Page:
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The Influencers

What the 2018 Winter Olympics Can Teach You About Winning

INFLUENCER: Havas Street's Adrienne Cadena shares four ways marketers can apply the Olympian mentality to their work

What the 2018 Winter Olympics Can Teach You About Winning

With the Winter Olympics having just wrapped up, it got me thinking about the athletes who spend four years or more training for their one moment of glory and chance at medalling. It’s inspiring to think about the sacrifices, dedication and hard work they put into preparing for this international event. As marketers, we can learn so much from the athletes who competed in the Winter Olympics, but here are four key ways we can apply the Olympian’s mentality to our work for the greatest possible outcome: 


1. Preparation – Anyone who has succeeded at the Olympics or in the workplace will tell you that preparation was paramount to winning. Some athletes say they train for 32 hours per week, sleep 10 hours per night and eat only the most nutritious foods. While starting your workouts at 5am isn’t glamorous, the preparation is what they attribute to helping them win when it counts. Similarly, winning in the experiential marketing industry is all about preparation at every level. For our client La Victoria salsa, preparation paid off when we planned four consecutive large-scale events that were localised to each market. Managing the guest list and attendance meant we had to invite past capacity and have a plan in place in case more or less than our goal arrived on-site. This included careful decisions regarding catering and health permit consideration, event promotion, and venue selection. Ultimately, the team’s preparation for every scenario paid off and we were winners in the clients’ eyes.    

2. Mental Toughness – Seventeen-year-old Chloe Kim showed the ultimate display of mental toughness when she tweeted between runs during the half pipe competition that she wished she had finished her breakfast sandwich and was getting hangry. Apparently, that didn’t slow her down one bit because hours later she won the gold medal for her snowboarding performance. Just like Chloe, event marketers must keep on keeping on when times get tough. Clients can be challenging, ideas are often rejected and budgets are sometimes cut. It’s in these times when we have to be most resilient – staying positive, motivated and passionate about what we can accomplish with the tools we have. Sometimes that’s when the most creative campaigns are born.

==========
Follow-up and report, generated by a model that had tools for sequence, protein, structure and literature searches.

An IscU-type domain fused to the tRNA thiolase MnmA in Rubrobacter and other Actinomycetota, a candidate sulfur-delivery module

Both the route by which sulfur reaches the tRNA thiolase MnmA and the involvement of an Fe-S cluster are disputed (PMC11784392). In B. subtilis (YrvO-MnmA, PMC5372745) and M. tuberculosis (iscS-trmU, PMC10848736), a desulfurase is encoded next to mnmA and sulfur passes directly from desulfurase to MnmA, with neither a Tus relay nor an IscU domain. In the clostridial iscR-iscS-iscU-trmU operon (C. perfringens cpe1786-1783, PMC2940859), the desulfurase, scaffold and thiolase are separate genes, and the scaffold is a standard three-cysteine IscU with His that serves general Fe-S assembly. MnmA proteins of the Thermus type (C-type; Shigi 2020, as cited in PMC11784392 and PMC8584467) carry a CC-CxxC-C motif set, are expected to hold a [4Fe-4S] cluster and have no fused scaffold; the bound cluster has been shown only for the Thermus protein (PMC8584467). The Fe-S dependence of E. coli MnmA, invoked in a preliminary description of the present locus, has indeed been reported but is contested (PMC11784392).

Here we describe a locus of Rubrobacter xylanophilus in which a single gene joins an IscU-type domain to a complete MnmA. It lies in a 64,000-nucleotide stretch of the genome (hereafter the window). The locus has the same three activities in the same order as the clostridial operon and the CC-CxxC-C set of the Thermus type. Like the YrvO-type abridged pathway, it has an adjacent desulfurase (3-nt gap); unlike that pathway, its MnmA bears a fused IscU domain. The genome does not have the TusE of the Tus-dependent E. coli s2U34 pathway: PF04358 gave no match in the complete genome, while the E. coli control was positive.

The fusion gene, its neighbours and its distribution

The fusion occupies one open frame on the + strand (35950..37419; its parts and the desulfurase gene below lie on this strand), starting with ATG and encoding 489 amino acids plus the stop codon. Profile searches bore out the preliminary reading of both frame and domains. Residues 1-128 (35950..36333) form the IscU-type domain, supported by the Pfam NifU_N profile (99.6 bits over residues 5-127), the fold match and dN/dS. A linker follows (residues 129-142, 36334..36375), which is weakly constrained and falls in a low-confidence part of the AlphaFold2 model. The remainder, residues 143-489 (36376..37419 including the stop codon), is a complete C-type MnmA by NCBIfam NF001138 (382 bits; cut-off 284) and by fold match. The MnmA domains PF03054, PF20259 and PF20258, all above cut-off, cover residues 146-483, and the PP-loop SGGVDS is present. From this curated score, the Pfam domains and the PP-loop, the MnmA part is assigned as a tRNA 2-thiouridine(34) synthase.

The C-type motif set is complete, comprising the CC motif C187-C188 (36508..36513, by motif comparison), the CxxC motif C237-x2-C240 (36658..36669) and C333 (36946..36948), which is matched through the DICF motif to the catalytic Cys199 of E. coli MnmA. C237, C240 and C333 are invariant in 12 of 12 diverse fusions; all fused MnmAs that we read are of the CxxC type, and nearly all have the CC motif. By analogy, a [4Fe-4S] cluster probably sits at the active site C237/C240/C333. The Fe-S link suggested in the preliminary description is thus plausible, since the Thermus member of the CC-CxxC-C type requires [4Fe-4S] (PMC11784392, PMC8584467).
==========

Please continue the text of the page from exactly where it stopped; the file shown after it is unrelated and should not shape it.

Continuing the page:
3. Focus – Mirai Nagasu was the first US woman to land a triple axel at the Olympic games. Her focus, determination and confidence helped to catapult Team USA to a bronze medal in the team figure skating competition. While we aren’t landing triple axels in our industry, we still need to stay focused on our clients’ goals and objectives in order to achieve maximum results. Sometimes a sponsorship opportunity or co-branding partnership may come to our attention, but we constantly have to ask ourselves if this is the right opportunity for our client. Staying focused helps our activations align with the overarching brand strategy. For example, we created the first-ever guacamole lounge for our client Wholly Guacamole and brought to life what it means to 'Live Wholly' through lifestyle activities on-site. Every happening aligned with five pillars that were essential to the brand’s DNA. We vetted every engagement and localised the experience to each market in a way that enhanced what we were trying to communicate to consumers.  

4. Adapt to the Elements – Athletes can spend countless hours planning, training and fine-tuning their performances in preparation for their time on the Olympic stage, but there is one thing they cannot control – the weather. Those competing in Pyeongchang can attest to these games being one of the coldest on record with high winds delaying competition. Just like experiential marketing, you can plan for every 'what if' scenario, but weather can wreak havoc on how you perform no matter how many contingency plans you put into place. The best strategy is to be prepared to adapt to any situation. Dealing with the weather is just one of those obstacles that you need to plan for and acclimate to as best you can. Sudden cold front on the horizon? Pre-order heavy branded jackets for your field teams and have heaters on stand-by. Think wind could be an issue at Coachella? Swap regular tents for dome tents to keep the activity enclosed.  

So, the next time you take on a new client or project, think of the gold medal winners from Pyeongchang and take a page from their playbook – start preparing, stay mentally tough, focus and adapt to the elements – and you, too, just might be high-fiving teammates and doing a victory wave of your own.



Adrienne Cadena is senior vice president of Havas Formula’s brand activation division, Havas Street

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Genre: Strategy/Insight